Mr Koops’s objections were noted, and then quite frankly, ignored. The working relationship between Latham and Watson would then come into play. Occasionally Watson will go over the top. The Commissioner then tends to step in, in part covering Watson’s back, but also to move the evidence forward. Latham in her quietly spoken way would shut up both Watson and Koops, turning to Mr Tinkler and asking the very question Mr Watson had previously asked, often as a statement rather than a question.

MR KOOPS: With respect, I object.

THE COMMISSIONER: Can we, can we, can we stop.

MR KOOPS: He’s just badgering the witness.


MR KOOPS: That’s what’s happening.

THE COMMISSIONER: Can we stop talking over the top of one another? Just take a seat please Mr Koops. Mr Tinkler, I understood you to say a short time ago that your view was that Miss McKay, as you put it, was dead in the water and you didn’t have any reason to oppose her campaign because as far as you were aware, politically she had no chance of real election.


THE COMMISSIONER: That was your view.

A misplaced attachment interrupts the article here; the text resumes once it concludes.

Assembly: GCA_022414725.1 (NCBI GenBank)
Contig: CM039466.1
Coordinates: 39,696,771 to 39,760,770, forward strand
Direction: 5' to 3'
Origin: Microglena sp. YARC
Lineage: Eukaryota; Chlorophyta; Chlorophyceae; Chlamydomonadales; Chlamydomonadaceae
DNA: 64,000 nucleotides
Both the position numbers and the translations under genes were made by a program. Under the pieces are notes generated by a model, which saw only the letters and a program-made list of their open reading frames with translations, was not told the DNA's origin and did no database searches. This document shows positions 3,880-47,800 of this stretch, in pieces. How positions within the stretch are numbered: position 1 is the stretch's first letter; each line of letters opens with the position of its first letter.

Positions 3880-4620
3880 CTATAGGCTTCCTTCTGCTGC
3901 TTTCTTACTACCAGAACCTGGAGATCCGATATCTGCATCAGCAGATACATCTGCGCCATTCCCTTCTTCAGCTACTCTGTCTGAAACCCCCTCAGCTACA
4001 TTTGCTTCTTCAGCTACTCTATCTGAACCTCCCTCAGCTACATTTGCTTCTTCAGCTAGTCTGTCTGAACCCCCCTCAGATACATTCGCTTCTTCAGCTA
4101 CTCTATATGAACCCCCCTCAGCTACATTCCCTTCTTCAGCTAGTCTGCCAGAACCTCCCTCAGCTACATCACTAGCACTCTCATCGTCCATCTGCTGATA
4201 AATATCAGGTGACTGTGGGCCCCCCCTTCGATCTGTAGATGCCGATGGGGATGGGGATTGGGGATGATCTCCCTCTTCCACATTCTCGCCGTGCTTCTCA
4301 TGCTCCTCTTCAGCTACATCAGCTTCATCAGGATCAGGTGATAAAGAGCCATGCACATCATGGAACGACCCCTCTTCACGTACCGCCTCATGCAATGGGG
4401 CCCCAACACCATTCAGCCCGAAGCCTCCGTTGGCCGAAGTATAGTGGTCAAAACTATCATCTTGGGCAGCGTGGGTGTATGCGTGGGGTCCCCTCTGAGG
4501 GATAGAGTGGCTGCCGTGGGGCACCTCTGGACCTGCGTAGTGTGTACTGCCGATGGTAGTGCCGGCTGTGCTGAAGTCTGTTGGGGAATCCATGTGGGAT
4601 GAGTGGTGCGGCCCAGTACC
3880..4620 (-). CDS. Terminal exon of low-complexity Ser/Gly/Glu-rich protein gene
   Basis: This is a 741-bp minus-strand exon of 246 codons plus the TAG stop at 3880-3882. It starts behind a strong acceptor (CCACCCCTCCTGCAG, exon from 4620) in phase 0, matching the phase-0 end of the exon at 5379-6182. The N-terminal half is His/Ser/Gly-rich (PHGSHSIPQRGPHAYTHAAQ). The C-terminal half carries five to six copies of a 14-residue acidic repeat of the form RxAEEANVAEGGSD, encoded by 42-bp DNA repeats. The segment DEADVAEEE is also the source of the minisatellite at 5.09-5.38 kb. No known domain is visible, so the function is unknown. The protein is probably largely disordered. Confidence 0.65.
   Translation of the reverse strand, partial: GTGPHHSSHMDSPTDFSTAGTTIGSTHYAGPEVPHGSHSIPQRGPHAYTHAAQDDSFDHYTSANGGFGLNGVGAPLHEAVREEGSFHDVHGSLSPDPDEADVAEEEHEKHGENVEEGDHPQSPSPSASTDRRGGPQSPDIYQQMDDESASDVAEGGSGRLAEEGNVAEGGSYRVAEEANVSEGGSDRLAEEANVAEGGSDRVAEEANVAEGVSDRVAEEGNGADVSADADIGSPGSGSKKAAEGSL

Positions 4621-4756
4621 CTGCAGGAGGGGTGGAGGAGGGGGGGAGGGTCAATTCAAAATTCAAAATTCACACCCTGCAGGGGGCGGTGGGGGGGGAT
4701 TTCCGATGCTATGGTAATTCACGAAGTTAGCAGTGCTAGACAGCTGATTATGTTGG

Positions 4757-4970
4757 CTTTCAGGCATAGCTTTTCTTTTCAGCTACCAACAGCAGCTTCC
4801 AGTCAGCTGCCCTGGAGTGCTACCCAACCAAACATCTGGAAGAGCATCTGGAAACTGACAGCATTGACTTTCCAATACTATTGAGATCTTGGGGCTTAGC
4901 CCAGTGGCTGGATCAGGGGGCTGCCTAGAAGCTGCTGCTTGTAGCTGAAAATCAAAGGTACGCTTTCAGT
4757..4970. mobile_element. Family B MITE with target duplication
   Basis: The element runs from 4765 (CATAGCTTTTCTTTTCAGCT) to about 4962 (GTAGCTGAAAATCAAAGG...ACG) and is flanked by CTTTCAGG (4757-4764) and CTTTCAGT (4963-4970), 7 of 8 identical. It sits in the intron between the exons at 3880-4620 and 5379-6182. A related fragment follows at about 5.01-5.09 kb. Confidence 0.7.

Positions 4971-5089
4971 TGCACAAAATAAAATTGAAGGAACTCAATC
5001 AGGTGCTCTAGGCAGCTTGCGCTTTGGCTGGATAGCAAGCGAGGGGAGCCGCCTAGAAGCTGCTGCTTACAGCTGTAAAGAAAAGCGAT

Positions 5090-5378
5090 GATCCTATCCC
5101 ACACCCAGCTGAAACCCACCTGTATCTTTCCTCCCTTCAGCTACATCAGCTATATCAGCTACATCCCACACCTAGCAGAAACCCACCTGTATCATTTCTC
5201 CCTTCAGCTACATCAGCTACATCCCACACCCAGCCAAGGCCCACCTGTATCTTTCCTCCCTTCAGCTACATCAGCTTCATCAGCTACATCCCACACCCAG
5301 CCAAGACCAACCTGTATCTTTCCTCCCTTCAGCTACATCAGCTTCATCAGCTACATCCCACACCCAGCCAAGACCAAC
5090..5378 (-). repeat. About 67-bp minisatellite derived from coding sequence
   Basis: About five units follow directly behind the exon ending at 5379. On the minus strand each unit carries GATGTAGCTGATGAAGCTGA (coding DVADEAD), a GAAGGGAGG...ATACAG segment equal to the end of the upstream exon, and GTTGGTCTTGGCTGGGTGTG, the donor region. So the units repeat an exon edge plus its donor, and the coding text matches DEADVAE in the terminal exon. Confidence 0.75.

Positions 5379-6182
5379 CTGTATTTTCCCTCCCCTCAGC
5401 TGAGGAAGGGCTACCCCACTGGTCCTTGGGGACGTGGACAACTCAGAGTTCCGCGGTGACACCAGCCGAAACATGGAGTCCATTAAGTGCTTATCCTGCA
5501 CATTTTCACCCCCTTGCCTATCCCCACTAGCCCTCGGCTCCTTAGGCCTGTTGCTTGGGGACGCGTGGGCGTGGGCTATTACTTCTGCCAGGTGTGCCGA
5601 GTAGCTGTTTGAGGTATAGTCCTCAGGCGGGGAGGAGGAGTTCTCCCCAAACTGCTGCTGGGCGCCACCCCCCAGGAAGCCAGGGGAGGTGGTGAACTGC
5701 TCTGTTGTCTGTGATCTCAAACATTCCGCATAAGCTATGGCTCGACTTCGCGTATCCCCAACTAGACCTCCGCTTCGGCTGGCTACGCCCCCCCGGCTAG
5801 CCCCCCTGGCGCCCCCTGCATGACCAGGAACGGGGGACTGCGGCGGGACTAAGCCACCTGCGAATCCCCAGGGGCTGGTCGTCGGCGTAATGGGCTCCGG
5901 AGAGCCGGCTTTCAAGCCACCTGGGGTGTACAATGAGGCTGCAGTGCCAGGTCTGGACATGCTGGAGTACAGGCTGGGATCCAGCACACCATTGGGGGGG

THE COMMISSIONER: Right. Yes, go on, Mr Watson.”

Tinkler’s response to Latham was interesting. Tinkler does not handle women in authority well; to be honest he doesn’t handle any authority well but especially women in authority. He is obviously fully aware of this and strived to appear accommodating by deferring to Commissioner Latham whenever she intervened. In this way the Commissioner was able to more readily gain admissions from Mr Tinkler. It was a great ‘good cop, bad cop’ routine of which Mr Tinkler seemed to be totally unaware. At the end of the day Tinkler had been effectively corralled.

Latham and Watson had done a good day’s work.

For daily reports of ICAC’s goings on please read the Sydney Morning Herald. Their team of journalists, especially Kate McClymont and Michaela Whitbourn, are covering this story so thoroughly you’ll not miss a thing. It’s a seminal moment for the SMH – their ‘Washington Post covering Watergate’ moment in the sun.

Below are two links. The first is on Nathan Tinkler in the ICAC hot seat, the second a reaction to an ICAC piece by Kate McClymont.

Nathan Tinkler in the ICAC hot seat

Reaction to ICAC piece by Kate McClymont